We need to chill out on the Eva Moskowitz bashing. I understand that the “got-to-go” list is controversial and agree that the question of expulsions is an important one. However, it seems that we’re treating Success as a proxy for much larger issues, and I fear that it’s naively distilling difficult questions into an overly simplistic narrative.
I don’t work at Success and have no insight into the discussions surrounding their decisions not to re-enroll and even outright expel especially difficult students. But having been a public school teacher myself, and having spent way too much of my instructional time trying to address the behaviors of a small handful of students, I imagine the conversations went something like: “[Student] continues to spit and kick other kids and disrupt the class. We’ve met with him and met with his family but this keeps happening. It’s grinding class to a halt and making it impossible for anyone else to learn. What should we do?” And at some point someone seems to have concluded, “Maybe this isn’t the right place for him.”
If I were an administrator, I don’t know what I would have done in that situation. It’s a Catch-22. On one hand, a school has a responsibility to educate every student it accepts, and a “got to go” list clearly violates this. On the other hand, if a child continues to choose behaviors that make it impossible for the rest of the students to learn, then a “got to stay” mandate effectively does, too. So how should an administrator choose between de jure and de facto?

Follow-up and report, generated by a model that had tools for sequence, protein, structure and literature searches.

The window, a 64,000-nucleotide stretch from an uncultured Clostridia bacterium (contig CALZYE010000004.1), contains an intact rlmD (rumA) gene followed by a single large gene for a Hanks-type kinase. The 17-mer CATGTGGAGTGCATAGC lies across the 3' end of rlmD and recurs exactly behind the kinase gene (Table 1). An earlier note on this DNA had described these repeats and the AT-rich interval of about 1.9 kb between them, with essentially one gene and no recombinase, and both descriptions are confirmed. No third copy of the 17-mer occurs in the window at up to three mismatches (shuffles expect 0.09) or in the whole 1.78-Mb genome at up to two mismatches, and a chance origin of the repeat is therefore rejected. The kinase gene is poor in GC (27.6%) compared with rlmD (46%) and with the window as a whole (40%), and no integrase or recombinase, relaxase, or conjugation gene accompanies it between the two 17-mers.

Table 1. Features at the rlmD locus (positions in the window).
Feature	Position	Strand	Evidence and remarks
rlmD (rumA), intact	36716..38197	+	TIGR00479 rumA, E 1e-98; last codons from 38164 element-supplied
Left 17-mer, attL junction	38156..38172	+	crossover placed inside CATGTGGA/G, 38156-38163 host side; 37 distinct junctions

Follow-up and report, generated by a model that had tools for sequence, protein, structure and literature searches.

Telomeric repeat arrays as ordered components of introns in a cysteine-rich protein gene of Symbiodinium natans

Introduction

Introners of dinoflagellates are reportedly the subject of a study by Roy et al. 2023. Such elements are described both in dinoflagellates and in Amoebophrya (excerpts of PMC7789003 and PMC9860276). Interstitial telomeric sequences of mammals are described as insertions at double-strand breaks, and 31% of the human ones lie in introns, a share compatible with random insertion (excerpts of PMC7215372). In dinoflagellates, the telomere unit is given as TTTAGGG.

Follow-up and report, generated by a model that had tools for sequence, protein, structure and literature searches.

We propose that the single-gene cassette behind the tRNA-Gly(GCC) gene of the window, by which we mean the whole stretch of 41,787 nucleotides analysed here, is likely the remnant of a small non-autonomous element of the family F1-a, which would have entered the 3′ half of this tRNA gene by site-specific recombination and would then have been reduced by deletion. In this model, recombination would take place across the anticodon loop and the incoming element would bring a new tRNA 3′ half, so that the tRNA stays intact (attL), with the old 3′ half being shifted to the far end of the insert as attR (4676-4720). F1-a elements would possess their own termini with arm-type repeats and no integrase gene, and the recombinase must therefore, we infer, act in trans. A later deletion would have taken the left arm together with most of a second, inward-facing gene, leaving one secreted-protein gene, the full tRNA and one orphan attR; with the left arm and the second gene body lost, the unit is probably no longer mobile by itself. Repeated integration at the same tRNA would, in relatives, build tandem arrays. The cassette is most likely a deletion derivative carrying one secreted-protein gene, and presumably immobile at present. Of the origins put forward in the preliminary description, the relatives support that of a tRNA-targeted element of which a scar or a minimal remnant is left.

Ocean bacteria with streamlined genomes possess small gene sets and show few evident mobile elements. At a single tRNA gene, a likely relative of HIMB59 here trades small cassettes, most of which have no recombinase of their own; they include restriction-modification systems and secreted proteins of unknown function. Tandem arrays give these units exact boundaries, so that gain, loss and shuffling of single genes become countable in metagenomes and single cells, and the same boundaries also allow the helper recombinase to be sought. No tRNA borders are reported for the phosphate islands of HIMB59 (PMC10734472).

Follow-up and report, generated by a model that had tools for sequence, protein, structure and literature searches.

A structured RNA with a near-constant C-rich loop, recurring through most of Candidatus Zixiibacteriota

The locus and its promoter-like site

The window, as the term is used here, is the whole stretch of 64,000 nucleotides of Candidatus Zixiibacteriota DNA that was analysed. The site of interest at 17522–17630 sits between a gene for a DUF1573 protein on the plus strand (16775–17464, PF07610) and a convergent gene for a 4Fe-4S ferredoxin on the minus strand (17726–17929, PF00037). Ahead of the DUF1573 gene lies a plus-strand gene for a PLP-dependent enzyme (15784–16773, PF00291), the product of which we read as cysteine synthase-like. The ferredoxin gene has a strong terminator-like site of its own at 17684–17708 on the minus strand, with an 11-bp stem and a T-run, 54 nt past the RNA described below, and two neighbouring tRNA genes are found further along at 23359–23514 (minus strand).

Of course, Moskowitz critics point out that in addition to wanting to ensure an atmosphere conducive to learning, Success’s decision to remove certain students may have also been motivated by the desire to maximize test scores. And that’s a reasonable concern. But here’s the thing: While I don’t work at Success, I’ve spent some time there. A few months ago I spent two days working with their teachers and administrators on how to support higher-order math instruction. None of the conversations we had were about how to teach to the test, and I saw no evidence of this in my classroom observations. Instead, what I saw were students working on problems that were way more challenging and far more meaningful than anything they’d see at the end of the year.
Still, I don’t doubt that Success has an interest in scoring well. So does every school in the United States, many of which do teach to the test. If we’re going to slam Eva Moskowitz for considering the test, then we should do the same to principals who prioritize it. Because which is more problematic: expelling some students and providing a great education, or expelling no students and providing a mediocre one? It’s an over-simplification, sure, but if our beef is with Success’s response to testing pressures, then we should at least be consistent with the critique. (Also, it’s worth noting that even though public schools might not be able to expel difficult students in order to improve classroom conditions or raise test scores, many still accomplish this simply by labeling those students “special needs.”)